Second Thoughts on Existentialism

Leon Shestov, a gifted Russian writer on philosophy, once criticized Plato and Aristotle, as well as Spinoza, Descartes, Kant and Hegel on the following grounds: Nothing said by these thinkers could be convincing or important, since none of them would have had anything important or convincing to say to Job. In Job’s balances their moral exhortations would have weighed as nothing. A strange idea that Job, who was not a philosopher, should be the ultimate critic of philosophy, and that the test of rational doctrine should be its meaningfulness to one who, from his dunghill, saw all life as meaningless. But if the test seems unfair when applied to rational thinkers, might it not take on appropriateness if applied to our modern Existentialists?

What, we ask, would a Heideggerian, a Sartrian, a Jaspersman have to say to Job? Let us begin with the Jaspersman, who would no doubt prove the most foolish of the three. Though not so foolish, I think, as to tell the famous sufferer that he was indeed in an “extreme situation”—this could scarcely be news to Job. But what other wisdom or comfort can be found in Jaspers’ doctrine? Oh yes: the philosophy of the Cipher. And our Jaspersman could have explained this theory to Job, informing him that at the limit of his endurance he would be rewarded by a message from transcendence: The message would be a cipher, and say nothing. What is the difference, Job might have argued, if at all inclined to argument, between a message which says nothing, and no message at all? But I think the worst thing about the Jaspersman’s performance would have been Jaspers’ doctrine. Oh yes: the Philosophy of the Cipher to one whose mouth, opened by anguish, had become “an O crying to be rubbed out.” (I have lifted this beautiful figure from Jean Cocteau’s play, The Infernal Machine.)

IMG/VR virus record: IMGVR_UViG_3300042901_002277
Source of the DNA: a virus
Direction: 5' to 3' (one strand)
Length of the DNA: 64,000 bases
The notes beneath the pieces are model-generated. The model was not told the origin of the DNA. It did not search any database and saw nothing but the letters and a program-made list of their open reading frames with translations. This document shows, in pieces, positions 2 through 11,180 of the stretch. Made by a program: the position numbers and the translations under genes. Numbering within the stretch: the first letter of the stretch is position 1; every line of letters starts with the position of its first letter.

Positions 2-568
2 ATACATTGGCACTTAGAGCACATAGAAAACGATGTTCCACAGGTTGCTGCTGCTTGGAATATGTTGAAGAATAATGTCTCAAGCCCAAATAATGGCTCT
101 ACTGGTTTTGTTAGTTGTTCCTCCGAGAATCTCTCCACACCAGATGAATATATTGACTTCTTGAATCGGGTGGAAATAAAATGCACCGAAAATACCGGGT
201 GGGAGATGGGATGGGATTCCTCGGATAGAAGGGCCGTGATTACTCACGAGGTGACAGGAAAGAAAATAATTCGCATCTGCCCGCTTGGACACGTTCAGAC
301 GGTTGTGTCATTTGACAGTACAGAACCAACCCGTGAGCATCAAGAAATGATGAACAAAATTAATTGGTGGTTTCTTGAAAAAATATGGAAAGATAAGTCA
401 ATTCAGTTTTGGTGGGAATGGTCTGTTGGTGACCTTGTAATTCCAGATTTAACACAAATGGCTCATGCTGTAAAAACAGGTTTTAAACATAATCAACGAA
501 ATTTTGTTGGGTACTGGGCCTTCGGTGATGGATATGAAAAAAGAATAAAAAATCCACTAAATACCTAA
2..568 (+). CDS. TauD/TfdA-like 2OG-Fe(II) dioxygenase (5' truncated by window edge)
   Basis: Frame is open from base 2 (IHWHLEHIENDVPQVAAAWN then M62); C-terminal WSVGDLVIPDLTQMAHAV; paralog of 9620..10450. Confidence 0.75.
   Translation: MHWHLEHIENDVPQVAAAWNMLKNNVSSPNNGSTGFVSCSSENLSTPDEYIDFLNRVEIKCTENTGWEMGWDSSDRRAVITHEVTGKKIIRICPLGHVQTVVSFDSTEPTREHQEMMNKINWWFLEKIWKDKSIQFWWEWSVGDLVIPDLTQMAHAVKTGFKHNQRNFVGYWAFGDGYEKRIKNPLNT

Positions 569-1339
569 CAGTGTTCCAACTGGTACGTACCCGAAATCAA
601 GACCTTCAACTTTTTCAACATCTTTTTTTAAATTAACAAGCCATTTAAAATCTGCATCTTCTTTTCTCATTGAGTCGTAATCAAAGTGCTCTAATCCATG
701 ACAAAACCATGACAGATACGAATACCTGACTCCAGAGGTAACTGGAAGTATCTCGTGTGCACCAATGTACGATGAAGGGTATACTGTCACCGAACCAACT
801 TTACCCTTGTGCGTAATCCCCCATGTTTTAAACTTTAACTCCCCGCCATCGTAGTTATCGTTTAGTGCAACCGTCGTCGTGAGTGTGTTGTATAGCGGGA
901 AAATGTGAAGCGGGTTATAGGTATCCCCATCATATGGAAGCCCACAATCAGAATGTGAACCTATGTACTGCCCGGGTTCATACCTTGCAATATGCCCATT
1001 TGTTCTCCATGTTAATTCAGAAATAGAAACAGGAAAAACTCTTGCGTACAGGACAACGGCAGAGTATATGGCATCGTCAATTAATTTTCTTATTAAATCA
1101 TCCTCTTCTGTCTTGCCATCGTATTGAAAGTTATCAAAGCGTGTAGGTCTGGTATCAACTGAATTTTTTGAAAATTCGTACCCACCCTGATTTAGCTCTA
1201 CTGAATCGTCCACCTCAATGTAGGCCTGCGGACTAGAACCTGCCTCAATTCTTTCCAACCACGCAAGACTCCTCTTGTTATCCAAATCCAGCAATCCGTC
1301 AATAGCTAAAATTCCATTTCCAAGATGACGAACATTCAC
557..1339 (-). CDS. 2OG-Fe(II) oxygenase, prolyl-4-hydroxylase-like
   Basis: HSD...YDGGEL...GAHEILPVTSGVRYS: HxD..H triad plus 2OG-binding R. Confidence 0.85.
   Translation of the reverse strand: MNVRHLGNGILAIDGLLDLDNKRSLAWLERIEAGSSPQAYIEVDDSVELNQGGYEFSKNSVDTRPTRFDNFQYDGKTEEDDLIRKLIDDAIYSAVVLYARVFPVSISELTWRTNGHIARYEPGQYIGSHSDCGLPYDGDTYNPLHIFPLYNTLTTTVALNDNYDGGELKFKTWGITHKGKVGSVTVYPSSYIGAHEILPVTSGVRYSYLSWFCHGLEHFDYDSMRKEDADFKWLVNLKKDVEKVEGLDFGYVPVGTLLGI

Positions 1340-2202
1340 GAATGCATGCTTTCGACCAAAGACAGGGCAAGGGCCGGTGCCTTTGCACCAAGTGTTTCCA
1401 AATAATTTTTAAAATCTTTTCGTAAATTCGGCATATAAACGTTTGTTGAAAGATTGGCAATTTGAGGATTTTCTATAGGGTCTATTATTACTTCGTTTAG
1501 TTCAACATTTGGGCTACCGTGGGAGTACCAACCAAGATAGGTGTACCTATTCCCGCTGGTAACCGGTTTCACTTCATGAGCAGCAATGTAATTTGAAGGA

The Heideggerian, I suppose, would begin by citing one of the Master’s dark and most arrogant utterances: “Woe to the grain of wheat which does not want to be pulverized!” Job would have answered with still another cry of woe. Whereupon the Heideggerian would have been forced to state the Master’s doctrine: “Job, now is the occasion to make of your sufferings something great; you are in a position to unify your future, your present and your past by means of a Resolute Decision. Resolved to live dyingly, you can now make a gift to yourself of your own past, of the day of your birth, from which you have been cut off so far by practically every happy moment of your life. This, your day of pain, can become your first real—that is to say, metaphysical—birthday.” To which Job no doubt would have answered with his famous curse of the day on which he was born.

The Sartrian, in my view, would probably be the most intelligent, but also the most aggressive of the three. He would have had to attack Job morally: “What’s the meaning…

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